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CINDY ELLEN RUSSELL / CRUSSELL@STARBULLETIN.COM
Forest Leonard holds the "Dolls for Darfur" pins his class from Temple Emanu-El Sunday School have made to raise awareness of the violence in Darfur, Sudan. The project was Forest's idea for a community service project for his bar mitzvah.
Temple Emanu-El teens use pins to share Darfur's plight
Some teenagers at Temple Emanu-El have been playing with dolls for the past few months. What that shows is that they aren't just kids anymore, but are ready to step up as adults.
The eighth-graders from the School of Jewish Studies joined the "Dolls for Darfur" project started by a Texas synagogue to raise awareness about the victims of a genocidal campaign under way in the western region of Sudan.
A United Nations official said last month that an estimated 300,000 people have died in the five-year conflict. About 2 million people are refugees, having fled violence against ethnic Africans by Arab militia gangs.
The Oahu youngsters joined the program last year because Forest Leonard, 13, of Kailua decided to go global in his preparation for his bar mitzvah.
They have made more than 100 "Dolls for Darfur" pins to be worn on shirts and lapels. With each pin comes an information card to prepare the wearer to answer questions about the colorful little lineup of people figures. They will be on sale for $5 each tomorrow at the Israel Independence Day celebration at Skygate Park.
Leonard, the son of Ray and Nalani Leonard, celebrated his bar mitzvah last August. The celebration for a Jewish teenager -- called bat mitzvah for girls -- is a rite of passage from child to adulthood. It is mostly about accepting responsibility for your own spiritual and moral conduct. Nowadays there is typically a wider community service aspect, too.
"They are taking on the mitzvah of partnering with God to repair the world," said Rabbi Peter Schaktman. The youngsters are expected to "demonstrate that commitment to involve themselves in some sort of world repair -- to enhance justice, decrease poverty, to act to fulfill that commitment."
There are plenty of local causes and institutions where youngsters usually dedicate their energy.
When Forest heard about the Darfur project and checked the Web page, "I really liked it because I am an artist, so I could do art and do charity together."
The Temple Emanu-El class ordered pin-making kits and has been making them at the weekly Sunday School class. Joining the project were Carter Horwitz, Emily Lanter, Aviva Kosansky and Lauren Feldberg, along with teacher Helene Mann and her aide Kinto Diriwachter.
The tiny people figures are made in Guatemala of stiff paper and brilliant yarns. They are known as "worry dolls." Before going to sleep, children share their worries with their dolls, tuck them under the pillow and sleep worry free, according to a legend told at dollsfordarfur.org.
Forest said it will be nice if the pins make money for the national project, but "the purpose is to raise awareness. Two million people are living in camps. They need medical help, food, water."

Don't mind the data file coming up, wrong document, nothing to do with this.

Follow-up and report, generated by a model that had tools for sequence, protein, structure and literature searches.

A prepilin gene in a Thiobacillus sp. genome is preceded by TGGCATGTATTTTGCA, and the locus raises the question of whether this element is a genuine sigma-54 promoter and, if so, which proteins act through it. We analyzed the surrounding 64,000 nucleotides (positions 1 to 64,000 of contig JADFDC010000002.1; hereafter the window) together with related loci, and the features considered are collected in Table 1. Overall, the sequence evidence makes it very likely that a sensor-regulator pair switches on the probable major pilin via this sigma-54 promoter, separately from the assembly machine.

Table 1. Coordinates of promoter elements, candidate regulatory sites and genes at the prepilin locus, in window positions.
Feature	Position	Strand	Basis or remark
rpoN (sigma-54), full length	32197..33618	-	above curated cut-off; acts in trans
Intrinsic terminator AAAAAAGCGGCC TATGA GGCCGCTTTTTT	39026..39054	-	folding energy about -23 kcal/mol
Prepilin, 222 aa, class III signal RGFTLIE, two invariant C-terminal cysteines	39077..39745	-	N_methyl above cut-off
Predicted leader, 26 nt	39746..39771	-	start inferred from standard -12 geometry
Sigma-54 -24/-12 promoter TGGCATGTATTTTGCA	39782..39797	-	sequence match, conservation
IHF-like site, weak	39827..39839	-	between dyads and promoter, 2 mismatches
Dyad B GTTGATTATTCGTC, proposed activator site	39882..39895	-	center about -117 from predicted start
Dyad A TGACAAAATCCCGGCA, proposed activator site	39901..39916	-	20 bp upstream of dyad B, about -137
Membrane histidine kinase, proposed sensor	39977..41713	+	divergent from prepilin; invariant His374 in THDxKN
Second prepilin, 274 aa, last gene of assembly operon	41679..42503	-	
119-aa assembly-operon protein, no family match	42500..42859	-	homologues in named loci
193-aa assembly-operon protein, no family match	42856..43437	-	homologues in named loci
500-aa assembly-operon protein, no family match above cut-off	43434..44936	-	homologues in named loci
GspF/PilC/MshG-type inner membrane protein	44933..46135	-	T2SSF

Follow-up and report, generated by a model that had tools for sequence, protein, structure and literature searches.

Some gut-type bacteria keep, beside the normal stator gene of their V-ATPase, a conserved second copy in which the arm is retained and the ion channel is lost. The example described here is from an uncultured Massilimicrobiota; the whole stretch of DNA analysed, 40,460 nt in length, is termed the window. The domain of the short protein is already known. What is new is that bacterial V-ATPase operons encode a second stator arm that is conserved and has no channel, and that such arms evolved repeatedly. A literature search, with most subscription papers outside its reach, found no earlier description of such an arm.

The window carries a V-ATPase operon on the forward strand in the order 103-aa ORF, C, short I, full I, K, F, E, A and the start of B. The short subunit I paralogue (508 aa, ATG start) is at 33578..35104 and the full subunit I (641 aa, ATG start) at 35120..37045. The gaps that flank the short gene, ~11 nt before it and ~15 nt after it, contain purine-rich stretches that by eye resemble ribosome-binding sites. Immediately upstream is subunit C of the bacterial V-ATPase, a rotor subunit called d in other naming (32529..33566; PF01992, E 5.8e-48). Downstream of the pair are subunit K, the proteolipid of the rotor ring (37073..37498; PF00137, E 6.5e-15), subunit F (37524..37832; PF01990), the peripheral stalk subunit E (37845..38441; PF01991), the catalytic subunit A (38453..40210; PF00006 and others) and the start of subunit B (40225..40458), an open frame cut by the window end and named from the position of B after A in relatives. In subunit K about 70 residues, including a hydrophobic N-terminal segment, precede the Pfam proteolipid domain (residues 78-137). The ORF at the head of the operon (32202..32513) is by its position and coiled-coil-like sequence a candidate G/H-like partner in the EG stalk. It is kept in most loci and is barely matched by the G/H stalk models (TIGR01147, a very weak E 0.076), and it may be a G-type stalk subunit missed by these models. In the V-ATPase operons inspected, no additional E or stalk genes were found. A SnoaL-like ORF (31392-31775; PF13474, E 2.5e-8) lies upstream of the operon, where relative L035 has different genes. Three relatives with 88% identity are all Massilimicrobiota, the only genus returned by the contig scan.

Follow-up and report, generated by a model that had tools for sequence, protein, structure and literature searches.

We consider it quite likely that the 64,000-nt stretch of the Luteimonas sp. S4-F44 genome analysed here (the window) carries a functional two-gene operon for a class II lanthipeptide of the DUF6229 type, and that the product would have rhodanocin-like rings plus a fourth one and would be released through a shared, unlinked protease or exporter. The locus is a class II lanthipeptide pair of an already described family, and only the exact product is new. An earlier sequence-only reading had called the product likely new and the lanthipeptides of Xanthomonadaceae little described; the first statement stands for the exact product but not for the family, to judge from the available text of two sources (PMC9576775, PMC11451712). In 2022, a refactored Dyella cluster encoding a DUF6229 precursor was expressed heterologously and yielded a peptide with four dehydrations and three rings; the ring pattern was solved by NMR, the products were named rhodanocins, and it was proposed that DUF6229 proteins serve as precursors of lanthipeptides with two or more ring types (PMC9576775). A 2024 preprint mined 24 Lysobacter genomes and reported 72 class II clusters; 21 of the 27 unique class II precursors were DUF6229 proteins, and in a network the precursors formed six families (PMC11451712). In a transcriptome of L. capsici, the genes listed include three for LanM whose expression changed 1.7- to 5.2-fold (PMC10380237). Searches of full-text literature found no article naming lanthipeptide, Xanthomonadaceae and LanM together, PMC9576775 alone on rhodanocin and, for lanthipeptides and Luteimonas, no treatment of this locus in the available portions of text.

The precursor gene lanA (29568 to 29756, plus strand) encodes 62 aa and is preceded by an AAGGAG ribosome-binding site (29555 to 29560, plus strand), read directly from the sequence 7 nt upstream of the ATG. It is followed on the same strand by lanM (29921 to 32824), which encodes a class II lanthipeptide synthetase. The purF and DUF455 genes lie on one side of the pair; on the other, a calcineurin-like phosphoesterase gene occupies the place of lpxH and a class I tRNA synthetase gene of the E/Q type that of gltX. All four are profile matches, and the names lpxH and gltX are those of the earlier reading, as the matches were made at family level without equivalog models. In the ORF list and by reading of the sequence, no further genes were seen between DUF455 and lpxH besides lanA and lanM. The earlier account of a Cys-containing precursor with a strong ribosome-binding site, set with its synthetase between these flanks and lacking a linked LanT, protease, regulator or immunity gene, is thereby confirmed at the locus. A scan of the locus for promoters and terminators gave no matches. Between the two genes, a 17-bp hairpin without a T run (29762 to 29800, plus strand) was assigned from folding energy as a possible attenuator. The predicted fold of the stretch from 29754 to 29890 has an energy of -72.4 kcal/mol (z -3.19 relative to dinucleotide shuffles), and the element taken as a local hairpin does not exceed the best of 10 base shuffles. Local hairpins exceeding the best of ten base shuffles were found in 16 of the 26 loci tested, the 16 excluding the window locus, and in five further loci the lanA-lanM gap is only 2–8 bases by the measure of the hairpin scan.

"Those being killed are one bunch of Muslims, and the other Muslims don't like them," he said. "The janjaweed militia is killing rebels who wanted a religious state."
The idea of breaking down a huge number to see the individual people, one by one, or four by four on a Dolls for Darfur pin has roots in a documentary film, "Paper Clips," made by students in Whitwell Middle School in rural Tennessee. To help understand the magnitude of the Holocaust, the genocide of Jews by Nazis in World War II, the students decided to collect 6 million paper clips.
"They got a railway car and filled it up with paper clips," said Forest. "Some Jewish kids came and thanked the students for doing it." The film was shown to the Sunday School class when it studied the Holocaust, he said.
"Dolls for Darfur is especially poignant because of the experience the Jewish people have had through our history," said the rabbi. "We are well aware of what happens when the world turns its face away from something it doesn't want to see.
"That's happening in Darfur, in full view of the world, with relatively few people paying attention to it," said Schaktman.
Nalani Leonard said that as in most Jewish families, there are ancestral stories of oppression that make the Darfur violence resonate. Her paternal grandfather told of being among a group of Jewish men who were lined up and shot in Russia in the early 1900s. He fell, hidden by other bodies, and escaped.
"My father was 6, and he and the other children were hidden when the Russians came for them," she said. "My grandmother was beaten. She baked her jewelry into loaves of bread" and carried it away as they escaped to Romania. They eventually immigrated to Brooklyn, N.Y.
Forest and his classmates talked about their family stories in class this year.
When he sent thank-you notes for the bar mitzvah gifts from families and friends -- oh, yes, there is a reward for standing in front of the congregation to read and expound on a Torah passage -- Forest added a Darfur pin for each.
Rewarding as they might be, there is a lot more to his art than doll pins. Forest was enrolled for six years in Daunna's art study in Kailua and has taken cartoon drawing and sculpture classes at the Honolulu Academy of Arts. The home is full of his duct tape and aluminum wire models of medieval armor and dragons, architectural models, maps of medieval cities. And, said his mother, "For Mother's Day he makes me a pretty painting."